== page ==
OpenSSL ChangeCipherSpec Injection Vulnerability
Ever since the Heartbleed vulnerability was exposed last month, there has been an increased level of scrutiny on this highly used, open-source protocol implementation.
What is it?
On June 5th, 2014 OpenSSL released a fix for seven security vulnerabilities, including a serious flaw (CVE-2014-0224) that enables man-in-the-middle (MITM) attacks, potentially allowing the attacker to decrypt and modify traffic from the attacked client and server if BOTH are vulnerable. It is not a general attack on a web server. The problem is that OpenSSL accepts ChangeCipherSpec (CCS) inappropriately during a handshake.
As of March of 2014, about two thirds of all webservers use OpenSSL as part of their stack, making any vulnerability in it of critical importance.
What can you do to protect your company?
Most of our customers protected their infrastructure against the Heartbleed vulnerability last month, and those same protections apply to this case.
Imperva and Incapsula both provide mitigation for applications protected by our WAFs as follows:
- SecureSphere customers that deployed their WAFs in Kernel Reverse Proxy (KRP) mode are automatically protected because SecureSphere controls the SSL connection. If not, customers can configure SecureSphere WAF to protect against this vulnerability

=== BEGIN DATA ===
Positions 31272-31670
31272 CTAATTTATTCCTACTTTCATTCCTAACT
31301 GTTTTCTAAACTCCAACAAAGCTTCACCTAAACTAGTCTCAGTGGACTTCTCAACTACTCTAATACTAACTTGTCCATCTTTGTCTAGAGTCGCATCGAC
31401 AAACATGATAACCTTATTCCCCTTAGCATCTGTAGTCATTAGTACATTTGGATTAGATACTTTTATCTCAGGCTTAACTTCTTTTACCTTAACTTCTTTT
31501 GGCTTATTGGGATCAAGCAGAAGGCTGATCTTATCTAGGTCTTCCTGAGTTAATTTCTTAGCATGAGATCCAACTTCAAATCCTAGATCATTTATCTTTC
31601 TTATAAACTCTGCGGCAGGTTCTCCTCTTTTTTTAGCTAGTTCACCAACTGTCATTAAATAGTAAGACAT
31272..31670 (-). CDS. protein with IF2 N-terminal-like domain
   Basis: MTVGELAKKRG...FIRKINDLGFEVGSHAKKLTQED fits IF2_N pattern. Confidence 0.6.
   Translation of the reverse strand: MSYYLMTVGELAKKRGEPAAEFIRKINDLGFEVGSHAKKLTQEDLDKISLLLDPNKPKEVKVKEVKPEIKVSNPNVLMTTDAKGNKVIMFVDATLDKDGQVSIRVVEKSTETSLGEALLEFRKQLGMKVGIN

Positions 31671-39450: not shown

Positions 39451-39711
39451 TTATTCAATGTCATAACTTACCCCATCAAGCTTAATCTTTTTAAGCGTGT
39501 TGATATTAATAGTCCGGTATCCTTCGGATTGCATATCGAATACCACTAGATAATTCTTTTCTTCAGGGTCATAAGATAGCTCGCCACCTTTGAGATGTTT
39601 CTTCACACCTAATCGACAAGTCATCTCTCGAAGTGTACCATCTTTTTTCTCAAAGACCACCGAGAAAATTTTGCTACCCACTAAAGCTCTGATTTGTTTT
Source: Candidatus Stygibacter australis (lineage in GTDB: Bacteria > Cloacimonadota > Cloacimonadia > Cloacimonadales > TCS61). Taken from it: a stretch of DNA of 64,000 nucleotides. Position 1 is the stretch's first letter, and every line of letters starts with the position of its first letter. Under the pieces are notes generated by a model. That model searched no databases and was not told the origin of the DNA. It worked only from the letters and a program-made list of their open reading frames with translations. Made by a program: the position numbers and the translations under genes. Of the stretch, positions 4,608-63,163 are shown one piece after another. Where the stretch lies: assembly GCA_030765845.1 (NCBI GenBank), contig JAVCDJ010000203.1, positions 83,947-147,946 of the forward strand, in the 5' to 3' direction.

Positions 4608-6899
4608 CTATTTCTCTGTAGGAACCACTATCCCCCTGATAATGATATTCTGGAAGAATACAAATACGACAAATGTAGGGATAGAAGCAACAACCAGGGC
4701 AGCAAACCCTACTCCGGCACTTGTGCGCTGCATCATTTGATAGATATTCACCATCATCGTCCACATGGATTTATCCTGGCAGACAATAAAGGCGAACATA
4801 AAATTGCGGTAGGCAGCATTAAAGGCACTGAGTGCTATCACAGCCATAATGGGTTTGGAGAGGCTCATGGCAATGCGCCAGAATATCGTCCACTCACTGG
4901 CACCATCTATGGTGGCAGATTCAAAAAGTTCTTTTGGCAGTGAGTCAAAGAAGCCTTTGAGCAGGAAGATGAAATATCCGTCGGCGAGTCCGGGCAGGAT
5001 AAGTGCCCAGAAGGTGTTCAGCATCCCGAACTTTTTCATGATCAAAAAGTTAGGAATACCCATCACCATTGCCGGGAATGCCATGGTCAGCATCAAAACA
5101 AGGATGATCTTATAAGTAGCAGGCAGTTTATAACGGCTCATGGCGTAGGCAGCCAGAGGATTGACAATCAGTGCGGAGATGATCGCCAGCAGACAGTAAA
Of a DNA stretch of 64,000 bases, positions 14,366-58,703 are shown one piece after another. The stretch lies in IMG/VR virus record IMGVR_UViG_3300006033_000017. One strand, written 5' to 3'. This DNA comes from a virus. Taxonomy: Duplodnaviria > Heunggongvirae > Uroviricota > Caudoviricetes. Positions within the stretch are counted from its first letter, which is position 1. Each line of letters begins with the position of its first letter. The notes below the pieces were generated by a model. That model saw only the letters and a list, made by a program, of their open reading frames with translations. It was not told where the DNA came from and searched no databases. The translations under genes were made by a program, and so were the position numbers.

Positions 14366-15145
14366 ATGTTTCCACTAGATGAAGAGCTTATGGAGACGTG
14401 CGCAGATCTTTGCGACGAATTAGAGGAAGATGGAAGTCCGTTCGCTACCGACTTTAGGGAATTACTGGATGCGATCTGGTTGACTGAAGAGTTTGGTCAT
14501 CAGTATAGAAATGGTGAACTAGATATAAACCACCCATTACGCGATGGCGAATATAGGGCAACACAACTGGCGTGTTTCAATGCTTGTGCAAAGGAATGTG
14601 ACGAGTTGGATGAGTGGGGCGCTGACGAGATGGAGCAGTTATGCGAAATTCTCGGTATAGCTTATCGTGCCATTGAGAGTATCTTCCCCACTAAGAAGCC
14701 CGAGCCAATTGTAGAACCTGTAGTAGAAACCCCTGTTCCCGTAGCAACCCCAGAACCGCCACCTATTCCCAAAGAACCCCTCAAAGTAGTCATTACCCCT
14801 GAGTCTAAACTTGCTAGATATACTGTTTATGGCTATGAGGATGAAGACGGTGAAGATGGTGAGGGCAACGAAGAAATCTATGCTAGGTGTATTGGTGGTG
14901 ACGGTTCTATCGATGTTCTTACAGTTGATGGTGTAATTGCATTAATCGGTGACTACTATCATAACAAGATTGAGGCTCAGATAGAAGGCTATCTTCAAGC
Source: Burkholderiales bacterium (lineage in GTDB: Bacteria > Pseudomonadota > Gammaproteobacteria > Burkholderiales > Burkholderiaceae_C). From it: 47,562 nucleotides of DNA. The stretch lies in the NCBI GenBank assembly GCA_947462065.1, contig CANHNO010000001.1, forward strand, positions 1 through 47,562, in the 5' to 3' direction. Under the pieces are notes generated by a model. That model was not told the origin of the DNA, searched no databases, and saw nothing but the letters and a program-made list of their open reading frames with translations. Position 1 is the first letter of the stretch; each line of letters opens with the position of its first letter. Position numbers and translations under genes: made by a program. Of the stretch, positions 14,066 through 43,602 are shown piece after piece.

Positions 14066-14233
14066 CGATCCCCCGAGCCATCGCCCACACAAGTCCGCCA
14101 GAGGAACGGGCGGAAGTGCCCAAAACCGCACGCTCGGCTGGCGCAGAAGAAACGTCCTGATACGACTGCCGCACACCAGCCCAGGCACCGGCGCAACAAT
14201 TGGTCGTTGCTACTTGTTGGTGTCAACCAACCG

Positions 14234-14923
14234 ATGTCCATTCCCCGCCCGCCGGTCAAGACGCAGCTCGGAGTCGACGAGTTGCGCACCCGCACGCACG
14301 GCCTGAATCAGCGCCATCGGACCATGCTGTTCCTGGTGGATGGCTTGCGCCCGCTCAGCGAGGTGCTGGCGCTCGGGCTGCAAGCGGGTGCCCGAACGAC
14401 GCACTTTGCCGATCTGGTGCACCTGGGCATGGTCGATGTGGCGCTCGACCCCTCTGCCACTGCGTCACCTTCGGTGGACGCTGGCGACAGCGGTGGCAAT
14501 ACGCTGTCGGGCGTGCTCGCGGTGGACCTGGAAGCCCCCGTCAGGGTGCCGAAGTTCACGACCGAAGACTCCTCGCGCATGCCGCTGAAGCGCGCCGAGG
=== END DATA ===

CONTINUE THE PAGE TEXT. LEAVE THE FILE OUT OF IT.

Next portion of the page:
- Incapsula customers are protected: see how
- Neither? Sign up for Incapsula now using the free trial to close the gap while you evaluate your options.
If none of these are an option, patching to the latest and greatest OpenSSL software (version 1.0.1h or newer) resolves the vulnerability at the software infrastructure level, and is a best practice.
Was Imperva impacted?
Some of our products and services were vulnerable to the bug prior to our recent patches. We don’t believe any were impacted by exploits. You can read the details in our security advisory. Similarly, Incapsula was able to quickly patch its entire network in record time.
Is this a big deal?
We think that this particular vulnerability is less relevant than Heartbleed for two reasons. First, Heartbleed allowed all impacted organizations to test their patching and vulnerability response processes, and within a month of Heartbleed nobody has had a chance to forget them. Secondly, this discovery is a consequence of the increased scrutiny that OpenSSL is receiving. As an outcome of code review, this vulnerability appeared without a publicized exploit. At the time of this posting we have not found a working exploit for it.
In the wake of Heartbleed, members of the OpenBSD project forked OpenSSL starting with the 1.0.1g branch, to create a project named LibreSSL. In the first week of pruning the OpenSSL’s codebase, more than 90,000 lines of C code had been removed from the fork. We at Imperva strongly believe that code should be thoroughly reviewed and tested, but that is never sufficient to provide the right level of security in the face of today’s modern threats and attacks.